by Marissa Brown, Director, Coalition for a Better Court
Since 1970 every New Year’s Eve at 6:00 p.m., the Chief Justice releases a Year-End Report on the Federal Judiciary. As Chief Justice John Roberts pointed out in 2009, Chief Justice Warren Burger established the report “to discuss the problems that federal courts face in administering justice.”
In 2016, the spirit of this almost 50-year tradition was broken.
The most recent Year-End Report on the Federal Judiciary is most notable for failing to discuss the big problems. It is silent on the unprecedented obstruction of a highly-qualified nominee to the Supreme Court of the United Sates. It did not mention that more than 10 percent of the federal bench is vacant due to the U.S. Senate majority’s failure to perform their duties to give advice and consent to many of President Obama’s judicial nominees. And most damaging of all, it did not address the perception that the court has become polarized and partisan.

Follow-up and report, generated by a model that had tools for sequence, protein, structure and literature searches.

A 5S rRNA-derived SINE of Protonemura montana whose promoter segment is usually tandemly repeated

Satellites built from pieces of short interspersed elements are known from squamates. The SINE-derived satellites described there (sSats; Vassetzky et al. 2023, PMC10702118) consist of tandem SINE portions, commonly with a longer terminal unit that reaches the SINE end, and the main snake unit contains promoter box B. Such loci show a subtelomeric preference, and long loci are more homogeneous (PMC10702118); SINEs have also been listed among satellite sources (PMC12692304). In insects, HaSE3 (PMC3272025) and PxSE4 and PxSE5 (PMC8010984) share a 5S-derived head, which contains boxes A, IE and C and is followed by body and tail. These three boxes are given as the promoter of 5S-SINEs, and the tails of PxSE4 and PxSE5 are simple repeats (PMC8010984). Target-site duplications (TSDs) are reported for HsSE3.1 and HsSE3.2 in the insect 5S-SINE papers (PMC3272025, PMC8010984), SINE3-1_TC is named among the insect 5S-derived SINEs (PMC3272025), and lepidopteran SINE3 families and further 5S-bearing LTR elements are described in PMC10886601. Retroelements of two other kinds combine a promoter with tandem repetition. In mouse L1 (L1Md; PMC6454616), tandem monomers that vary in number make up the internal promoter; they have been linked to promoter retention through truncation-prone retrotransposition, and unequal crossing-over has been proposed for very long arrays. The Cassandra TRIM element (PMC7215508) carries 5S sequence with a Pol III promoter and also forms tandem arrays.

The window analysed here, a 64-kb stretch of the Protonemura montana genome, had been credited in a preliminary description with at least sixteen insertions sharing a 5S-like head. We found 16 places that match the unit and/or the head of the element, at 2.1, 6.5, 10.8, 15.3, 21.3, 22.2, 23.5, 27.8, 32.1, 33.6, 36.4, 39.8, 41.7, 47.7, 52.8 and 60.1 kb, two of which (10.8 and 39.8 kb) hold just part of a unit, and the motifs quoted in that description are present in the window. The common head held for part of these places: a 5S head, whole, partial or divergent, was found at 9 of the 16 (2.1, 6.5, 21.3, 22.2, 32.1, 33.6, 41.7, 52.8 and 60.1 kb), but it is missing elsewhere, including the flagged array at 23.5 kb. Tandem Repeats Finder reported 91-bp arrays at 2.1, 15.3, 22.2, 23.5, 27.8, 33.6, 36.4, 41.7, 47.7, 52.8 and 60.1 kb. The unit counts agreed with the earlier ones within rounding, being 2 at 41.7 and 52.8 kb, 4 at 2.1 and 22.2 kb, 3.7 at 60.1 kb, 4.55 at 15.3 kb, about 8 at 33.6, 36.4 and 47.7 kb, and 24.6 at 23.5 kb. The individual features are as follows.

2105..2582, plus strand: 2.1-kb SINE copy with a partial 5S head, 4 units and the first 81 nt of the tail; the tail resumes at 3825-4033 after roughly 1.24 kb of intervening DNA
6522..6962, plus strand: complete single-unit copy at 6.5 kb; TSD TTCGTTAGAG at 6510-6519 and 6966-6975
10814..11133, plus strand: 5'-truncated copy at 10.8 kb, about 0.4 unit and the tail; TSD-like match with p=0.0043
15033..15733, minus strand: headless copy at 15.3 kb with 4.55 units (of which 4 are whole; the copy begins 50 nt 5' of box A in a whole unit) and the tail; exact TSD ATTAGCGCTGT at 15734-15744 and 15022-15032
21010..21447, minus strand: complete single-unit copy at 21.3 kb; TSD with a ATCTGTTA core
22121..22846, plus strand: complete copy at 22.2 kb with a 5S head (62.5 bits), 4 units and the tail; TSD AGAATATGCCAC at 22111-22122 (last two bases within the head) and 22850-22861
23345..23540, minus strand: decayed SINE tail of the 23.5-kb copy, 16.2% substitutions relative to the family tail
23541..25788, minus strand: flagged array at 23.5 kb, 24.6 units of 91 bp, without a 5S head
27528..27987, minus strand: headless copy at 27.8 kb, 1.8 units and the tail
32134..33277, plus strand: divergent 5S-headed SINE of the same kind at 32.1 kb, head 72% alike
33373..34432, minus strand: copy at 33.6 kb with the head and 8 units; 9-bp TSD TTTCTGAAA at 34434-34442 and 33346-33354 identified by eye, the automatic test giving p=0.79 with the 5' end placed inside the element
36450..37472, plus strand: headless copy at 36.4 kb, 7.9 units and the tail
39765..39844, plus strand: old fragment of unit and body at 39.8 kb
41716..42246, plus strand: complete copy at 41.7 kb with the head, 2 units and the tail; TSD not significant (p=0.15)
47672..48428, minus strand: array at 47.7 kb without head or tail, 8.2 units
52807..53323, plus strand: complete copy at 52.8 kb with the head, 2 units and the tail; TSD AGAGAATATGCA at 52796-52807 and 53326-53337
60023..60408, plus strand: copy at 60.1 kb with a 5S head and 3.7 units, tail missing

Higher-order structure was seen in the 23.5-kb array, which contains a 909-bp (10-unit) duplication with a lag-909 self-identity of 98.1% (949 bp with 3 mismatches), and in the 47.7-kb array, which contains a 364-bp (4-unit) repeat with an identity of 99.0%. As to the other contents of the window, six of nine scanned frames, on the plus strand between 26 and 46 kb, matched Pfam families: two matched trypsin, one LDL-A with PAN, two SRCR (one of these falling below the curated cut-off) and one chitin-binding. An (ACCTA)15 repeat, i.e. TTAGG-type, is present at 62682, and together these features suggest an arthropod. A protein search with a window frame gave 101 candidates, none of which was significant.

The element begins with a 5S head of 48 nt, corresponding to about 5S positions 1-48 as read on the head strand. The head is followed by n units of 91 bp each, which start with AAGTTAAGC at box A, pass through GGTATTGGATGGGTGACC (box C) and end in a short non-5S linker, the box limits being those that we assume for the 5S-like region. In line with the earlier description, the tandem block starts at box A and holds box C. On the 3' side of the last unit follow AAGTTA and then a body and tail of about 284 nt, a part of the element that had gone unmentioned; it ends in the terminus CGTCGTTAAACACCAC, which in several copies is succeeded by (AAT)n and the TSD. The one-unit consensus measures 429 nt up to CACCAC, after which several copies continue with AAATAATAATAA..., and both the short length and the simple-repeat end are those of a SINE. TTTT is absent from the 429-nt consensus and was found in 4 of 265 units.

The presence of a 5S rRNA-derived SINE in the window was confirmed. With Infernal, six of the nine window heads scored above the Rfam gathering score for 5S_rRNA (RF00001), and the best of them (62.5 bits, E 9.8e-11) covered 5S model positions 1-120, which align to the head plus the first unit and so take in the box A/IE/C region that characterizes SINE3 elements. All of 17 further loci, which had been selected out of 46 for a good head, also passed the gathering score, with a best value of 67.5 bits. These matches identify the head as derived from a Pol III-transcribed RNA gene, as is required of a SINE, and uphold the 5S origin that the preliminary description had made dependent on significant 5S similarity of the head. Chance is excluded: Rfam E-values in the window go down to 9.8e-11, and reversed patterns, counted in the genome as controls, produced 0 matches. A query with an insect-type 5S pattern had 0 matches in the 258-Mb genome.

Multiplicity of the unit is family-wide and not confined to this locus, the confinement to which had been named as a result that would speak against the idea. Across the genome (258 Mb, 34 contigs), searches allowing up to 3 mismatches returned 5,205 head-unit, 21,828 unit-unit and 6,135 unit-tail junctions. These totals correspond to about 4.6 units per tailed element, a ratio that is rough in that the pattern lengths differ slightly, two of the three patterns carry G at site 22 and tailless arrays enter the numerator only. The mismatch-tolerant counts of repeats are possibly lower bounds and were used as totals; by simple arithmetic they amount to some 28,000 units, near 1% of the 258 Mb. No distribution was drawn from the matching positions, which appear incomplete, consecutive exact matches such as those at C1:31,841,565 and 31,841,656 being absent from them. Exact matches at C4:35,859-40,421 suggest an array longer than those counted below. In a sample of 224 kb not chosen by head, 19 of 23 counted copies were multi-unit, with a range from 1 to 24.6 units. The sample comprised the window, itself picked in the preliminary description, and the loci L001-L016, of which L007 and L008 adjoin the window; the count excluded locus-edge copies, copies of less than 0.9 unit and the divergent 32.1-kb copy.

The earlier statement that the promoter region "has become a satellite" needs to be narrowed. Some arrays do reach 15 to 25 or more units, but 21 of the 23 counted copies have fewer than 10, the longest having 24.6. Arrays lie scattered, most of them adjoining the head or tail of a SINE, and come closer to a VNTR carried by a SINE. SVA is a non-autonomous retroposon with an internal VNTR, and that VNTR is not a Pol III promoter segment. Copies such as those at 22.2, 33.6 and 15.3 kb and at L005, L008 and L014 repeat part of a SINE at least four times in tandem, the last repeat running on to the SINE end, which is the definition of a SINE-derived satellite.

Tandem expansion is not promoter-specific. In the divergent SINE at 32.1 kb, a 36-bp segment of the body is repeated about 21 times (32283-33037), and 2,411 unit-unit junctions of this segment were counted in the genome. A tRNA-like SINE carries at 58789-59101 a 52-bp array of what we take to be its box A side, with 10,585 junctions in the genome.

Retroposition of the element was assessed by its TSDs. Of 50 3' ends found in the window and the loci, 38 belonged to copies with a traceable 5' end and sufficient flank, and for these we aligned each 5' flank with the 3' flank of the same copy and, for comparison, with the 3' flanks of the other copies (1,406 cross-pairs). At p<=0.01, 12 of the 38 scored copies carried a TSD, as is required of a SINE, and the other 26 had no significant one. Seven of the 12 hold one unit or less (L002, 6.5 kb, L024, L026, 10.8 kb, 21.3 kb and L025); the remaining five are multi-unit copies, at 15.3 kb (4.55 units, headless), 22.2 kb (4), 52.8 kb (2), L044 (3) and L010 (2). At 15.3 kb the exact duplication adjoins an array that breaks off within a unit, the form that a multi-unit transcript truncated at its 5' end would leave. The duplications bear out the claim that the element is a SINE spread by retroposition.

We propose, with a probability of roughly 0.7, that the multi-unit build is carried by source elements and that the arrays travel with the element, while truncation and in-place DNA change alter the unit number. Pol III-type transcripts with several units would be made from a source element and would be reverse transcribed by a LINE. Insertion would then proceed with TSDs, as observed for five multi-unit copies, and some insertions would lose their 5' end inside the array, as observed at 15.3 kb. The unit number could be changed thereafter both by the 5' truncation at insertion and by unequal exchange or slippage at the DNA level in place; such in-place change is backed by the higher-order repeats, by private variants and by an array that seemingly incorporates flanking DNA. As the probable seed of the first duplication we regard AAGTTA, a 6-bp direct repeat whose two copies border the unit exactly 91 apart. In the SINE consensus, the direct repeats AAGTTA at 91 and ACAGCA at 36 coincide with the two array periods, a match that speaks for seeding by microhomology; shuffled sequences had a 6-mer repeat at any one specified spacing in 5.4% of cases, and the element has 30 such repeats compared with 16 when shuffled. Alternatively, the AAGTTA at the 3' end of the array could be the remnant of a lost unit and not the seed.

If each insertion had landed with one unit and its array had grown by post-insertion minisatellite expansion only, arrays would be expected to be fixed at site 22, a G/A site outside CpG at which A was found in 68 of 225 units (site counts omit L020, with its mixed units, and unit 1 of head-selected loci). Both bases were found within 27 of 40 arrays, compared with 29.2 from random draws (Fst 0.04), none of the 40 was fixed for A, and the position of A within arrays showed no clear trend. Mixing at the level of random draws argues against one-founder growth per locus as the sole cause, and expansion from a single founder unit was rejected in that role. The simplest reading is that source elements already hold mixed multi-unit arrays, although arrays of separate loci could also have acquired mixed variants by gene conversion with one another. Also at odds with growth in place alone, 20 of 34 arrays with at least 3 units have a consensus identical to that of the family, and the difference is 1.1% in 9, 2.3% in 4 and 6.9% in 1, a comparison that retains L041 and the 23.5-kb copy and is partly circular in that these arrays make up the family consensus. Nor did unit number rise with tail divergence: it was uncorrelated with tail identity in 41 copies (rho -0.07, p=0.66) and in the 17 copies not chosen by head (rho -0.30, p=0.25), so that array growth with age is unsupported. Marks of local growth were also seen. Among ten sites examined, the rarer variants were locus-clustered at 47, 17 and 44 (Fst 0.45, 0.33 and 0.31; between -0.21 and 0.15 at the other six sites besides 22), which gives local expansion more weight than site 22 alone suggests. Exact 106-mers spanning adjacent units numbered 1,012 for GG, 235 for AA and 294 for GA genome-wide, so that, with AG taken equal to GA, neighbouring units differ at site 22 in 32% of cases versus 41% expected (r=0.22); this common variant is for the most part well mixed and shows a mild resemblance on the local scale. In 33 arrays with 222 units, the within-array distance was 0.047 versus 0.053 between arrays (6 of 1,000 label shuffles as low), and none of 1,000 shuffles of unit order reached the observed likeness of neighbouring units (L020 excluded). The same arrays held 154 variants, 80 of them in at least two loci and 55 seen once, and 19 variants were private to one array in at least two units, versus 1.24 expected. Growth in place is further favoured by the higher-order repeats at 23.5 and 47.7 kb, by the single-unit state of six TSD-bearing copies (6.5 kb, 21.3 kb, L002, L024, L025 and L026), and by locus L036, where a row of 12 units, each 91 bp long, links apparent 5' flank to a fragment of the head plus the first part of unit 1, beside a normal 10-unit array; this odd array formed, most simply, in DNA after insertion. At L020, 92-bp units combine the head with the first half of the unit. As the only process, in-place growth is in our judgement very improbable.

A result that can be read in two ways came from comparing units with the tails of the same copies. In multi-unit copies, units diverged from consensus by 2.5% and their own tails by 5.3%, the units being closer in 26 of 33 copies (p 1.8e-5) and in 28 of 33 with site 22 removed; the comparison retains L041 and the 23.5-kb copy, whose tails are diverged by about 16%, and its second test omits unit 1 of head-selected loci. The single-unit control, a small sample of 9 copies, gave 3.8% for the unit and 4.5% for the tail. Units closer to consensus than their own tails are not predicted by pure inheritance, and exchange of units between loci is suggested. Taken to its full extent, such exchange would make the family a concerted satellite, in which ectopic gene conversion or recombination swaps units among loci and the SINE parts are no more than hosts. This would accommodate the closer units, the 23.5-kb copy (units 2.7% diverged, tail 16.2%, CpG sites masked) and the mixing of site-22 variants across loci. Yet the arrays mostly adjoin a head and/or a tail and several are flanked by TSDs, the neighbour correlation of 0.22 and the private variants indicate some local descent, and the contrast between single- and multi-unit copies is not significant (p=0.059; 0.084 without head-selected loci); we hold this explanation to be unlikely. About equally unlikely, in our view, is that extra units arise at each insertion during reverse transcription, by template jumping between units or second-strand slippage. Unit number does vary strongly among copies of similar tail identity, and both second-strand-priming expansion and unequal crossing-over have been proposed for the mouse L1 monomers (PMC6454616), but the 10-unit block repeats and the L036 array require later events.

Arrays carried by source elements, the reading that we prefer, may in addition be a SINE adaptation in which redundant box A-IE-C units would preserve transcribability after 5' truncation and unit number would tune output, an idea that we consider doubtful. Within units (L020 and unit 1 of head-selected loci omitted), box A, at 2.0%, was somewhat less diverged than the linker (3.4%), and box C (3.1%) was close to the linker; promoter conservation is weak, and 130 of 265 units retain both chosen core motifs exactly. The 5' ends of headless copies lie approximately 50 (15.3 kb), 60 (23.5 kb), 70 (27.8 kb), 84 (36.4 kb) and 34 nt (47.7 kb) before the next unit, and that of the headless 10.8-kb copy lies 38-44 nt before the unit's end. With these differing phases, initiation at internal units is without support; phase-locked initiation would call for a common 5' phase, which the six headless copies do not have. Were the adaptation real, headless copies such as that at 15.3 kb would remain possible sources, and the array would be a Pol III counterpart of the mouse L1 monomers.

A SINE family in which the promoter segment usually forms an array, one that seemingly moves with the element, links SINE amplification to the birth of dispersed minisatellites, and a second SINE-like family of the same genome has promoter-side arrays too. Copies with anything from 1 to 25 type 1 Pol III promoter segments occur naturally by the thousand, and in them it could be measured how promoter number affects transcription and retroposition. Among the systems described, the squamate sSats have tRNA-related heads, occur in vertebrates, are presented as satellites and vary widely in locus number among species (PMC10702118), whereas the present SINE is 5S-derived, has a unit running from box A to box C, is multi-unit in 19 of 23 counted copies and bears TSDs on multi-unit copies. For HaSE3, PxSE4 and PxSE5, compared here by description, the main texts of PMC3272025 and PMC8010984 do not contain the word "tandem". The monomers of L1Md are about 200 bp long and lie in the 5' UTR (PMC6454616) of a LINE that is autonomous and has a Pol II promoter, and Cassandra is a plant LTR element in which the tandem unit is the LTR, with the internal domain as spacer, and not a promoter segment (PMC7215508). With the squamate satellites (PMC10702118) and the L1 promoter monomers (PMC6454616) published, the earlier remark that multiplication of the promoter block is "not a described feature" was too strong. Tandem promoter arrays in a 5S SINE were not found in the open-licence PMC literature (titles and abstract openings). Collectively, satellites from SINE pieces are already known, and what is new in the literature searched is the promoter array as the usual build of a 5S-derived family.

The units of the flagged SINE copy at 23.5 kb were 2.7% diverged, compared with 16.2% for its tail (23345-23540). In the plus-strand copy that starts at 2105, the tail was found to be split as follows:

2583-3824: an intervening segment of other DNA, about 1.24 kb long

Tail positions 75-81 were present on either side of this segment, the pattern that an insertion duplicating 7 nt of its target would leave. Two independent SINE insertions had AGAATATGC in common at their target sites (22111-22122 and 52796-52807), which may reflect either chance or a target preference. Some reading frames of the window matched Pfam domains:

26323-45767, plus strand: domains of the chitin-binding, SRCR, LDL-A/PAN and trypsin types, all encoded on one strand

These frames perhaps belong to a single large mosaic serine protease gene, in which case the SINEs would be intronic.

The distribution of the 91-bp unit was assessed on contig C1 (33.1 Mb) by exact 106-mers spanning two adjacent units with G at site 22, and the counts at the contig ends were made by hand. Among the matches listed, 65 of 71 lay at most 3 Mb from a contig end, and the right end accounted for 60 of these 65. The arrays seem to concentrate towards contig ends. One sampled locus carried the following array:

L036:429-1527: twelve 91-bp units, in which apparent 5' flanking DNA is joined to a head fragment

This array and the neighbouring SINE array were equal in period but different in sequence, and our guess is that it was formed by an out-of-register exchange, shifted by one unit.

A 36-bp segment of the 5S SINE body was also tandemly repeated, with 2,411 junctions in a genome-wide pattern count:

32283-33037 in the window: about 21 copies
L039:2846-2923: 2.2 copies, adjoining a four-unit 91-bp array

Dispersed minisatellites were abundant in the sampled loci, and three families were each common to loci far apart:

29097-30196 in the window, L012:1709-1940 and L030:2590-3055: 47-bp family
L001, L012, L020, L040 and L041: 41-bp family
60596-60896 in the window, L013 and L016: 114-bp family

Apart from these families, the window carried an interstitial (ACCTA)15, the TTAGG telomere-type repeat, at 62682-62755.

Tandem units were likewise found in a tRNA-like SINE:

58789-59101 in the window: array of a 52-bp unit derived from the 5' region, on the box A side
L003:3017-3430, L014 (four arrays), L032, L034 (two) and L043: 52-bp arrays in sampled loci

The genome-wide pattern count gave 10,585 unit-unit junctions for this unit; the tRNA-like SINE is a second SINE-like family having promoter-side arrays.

Despite the Chief Justice ignoring the problem in his 2016 report, legal scholars across the political spectrum are concerned about the court’s perception of bias. Now a more than 200-year old debate is quietly awakening again. One side likes to quote Alexander Hamilton’s writing in Federalist Paper No. 78, presenting a case for permanent tenure of Supreme Court justices as a way to ensure judicial independence. However, reality has smashed this idea that life tenure of justices protects against the politicization of the federal bench.
Fortunately, there is another compelling proposal articulated by legal scholars that instead of life tenure, each justice should be nominated for staggered, 18-year terms so that each president, regardless of party affiliation, would nominate a Supreme Court justice every two years during the court’s summer recess in non-congressional-election years. With periodic nominations, the justices would more accurately reflect the changes and judgments of society.